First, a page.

Monday, October 22, 2012
my son, my son
my son, my son: how one generation hurts the next
Harvill Secker, 2012
Before us a memoir of forty-something-year-old Scottish writer Douglas Galbraith, father of two children, who once returned home from a trip out of London, where the writer was doing research for his next novel, and found that his wife, a Japanese-born, stole two their sons and they had gone to his home in Japan, leaving no information.
Galbraith wrote his memoirs five years after the event - a little drama, as he calls it. Over these five years, the writer has never seen his sons. At the time of the abduction Satomi, the eldest son, was six years old, and the youngest, Makoto, was four. Brought up in a multicultural family, children initially could equally speak the father tongue, English, and the mother tongue, Japanese. Mother gradually began to dominate in the family, and the children became less and less using English. Strangely enough, but the author did not immediately reveals the chronology of abduction, the chronology of events prior to the abduction, when gradually became clear that Tomoko, the writer's wife, and he could not live together.
Galbraith monitors how the children gradually became the prerogative of women, not men, and how the child is still something of a property of his parents, not a full human being. However the law changes, no matter what the international covenants to protect children and their rights were not concluded, children will still remain dependent on adults, not fully independent. They can not choose for themselves, they can not vote, even though many of the children are more conscious than adults.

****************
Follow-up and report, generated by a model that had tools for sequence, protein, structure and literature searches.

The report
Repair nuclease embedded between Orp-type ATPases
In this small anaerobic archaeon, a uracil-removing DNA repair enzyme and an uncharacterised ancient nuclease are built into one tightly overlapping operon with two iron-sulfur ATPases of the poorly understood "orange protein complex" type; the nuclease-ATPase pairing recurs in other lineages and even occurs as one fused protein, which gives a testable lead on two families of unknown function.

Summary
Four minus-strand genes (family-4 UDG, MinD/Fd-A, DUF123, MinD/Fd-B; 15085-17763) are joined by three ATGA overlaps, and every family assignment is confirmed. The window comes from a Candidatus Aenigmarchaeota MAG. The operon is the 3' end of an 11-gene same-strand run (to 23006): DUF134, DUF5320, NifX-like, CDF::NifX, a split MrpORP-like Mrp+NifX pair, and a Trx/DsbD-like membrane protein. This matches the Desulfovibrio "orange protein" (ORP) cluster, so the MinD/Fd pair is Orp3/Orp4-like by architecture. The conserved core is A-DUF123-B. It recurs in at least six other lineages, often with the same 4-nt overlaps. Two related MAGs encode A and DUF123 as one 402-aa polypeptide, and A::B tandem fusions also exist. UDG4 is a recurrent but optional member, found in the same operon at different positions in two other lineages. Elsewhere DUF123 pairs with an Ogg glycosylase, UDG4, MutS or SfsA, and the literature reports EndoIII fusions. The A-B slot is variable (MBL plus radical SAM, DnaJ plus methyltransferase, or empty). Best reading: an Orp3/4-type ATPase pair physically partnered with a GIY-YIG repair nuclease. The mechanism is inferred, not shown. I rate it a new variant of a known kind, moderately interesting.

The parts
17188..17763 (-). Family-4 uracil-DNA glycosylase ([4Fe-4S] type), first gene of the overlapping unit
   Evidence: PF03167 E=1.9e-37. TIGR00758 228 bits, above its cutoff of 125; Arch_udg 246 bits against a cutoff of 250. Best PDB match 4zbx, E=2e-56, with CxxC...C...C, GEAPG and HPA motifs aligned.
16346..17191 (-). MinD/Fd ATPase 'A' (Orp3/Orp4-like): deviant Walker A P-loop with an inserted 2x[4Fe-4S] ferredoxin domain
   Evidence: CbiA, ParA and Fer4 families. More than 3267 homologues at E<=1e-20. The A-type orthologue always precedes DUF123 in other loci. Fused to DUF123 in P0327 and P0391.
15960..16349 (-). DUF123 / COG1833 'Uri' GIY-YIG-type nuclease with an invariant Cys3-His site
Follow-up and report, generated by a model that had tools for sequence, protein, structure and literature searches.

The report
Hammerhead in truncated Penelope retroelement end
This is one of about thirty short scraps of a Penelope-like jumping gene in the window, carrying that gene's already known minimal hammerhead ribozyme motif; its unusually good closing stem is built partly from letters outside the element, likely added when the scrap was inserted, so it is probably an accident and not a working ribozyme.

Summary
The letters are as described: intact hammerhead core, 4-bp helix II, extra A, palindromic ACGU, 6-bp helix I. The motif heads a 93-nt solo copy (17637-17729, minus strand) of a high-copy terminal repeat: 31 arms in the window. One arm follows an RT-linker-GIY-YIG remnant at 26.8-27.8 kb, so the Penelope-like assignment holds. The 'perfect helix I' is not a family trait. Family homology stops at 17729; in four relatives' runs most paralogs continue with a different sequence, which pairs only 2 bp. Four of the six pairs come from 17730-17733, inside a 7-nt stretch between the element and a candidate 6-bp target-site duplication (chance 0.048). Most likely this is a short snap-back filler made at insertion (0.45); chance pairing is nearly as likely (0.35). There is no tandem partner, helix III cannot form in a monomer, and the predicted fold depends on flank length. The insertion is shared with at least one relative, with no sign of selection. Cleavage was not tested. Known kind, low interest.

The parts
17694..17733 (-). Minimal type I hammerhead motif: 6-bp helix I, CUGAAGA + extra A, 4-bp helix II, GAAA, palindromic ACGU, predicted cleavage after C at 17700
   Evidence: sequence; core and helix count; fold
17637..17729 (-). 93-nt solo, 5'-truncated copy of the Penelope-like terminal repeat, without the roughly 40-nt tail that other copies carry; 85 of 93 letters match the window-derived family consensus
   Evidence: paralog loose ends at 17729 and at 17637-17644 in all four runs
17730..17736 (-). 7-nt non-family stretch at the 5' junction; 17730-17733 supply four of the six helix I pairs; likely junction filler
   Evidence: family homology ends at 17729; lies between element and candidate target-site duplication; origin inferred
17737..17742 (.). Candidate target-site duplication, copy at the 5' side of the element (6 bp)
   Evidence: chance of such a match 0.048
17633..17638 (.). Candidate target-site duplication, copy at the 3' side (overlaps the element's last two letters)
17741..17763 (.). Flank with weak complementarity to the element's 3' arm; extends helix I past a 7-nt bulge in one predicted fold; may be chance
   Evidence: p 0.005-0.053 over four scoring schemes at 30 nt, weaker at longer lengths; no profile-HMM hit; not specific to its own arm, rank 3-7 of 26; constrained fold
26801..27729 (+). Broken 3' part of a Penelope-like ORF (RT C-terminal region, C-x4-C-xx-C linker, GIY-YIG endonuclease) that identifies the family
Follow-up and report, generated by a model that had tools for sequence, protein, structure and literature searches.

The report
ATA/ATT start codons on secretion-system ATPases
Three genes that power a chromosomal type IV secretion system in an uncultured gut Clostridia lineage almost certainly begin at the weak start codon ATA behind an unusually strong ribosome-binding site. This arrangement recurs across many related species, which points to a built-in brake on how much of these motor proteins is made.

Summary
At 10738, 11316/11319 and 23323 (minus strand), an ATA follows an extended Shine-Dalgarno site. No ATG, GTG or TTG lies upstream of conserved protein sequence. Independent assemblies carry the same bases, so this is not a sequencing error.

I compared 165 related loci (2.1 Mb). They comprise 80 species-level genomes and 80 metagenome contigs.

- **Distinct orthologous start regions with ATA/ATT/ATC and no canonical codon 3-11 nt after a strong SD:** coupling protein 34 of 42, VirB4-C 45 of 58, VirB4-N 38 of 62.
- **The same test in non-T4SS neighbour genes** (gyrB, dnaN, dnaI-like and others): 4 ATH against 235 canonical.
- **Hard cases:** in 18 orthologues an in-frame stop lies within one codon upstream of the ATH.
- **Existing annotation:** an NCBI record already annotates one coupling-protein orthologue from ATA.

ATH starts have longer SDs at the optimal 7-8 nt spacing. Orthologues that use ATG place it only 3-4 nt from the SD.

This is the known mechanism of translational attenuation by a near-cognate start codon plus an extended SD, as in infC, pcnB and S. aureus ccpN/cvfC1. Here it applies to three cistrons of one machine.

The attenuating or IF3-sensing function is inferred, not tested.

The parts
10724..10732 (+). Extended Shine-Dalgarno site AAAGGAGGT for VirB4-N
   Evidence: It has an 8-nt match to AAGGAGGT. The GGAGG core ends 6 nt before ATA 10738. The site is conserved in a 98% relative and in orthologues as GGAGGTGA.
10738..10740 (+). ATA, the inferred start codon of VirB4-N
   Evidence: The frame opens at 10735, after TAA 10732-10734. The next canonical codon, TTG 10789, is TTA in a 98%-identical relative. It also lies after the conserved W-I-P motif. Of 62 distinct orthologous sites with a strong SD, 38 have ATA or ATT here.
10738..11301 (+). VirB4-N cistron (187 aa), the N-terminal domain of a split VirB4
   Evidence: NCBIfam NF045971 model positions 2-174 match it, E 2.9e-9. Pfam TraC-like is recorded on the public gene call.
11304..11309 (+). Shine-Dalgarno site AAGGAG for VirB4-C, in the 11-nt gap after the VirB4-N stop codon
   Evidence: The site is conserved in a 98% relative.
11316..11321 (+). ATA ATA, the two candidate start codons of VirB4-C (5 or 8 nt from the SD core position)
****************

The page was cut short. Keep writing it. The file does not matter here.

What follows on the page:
«My son, my son» is thepiercing memoirs of enormous power. In today's world, where everything seems to be focused on the safety and protection of a person and a child in particular, children will still remain dependent on adults, and sometimes even a toy in the hands of parents. Feelings and desires of the adult can go counter to the wishes of a child, can be harmful to a child, but no one asks a child. So one generation can destroy the life of another, even without considering the consequences.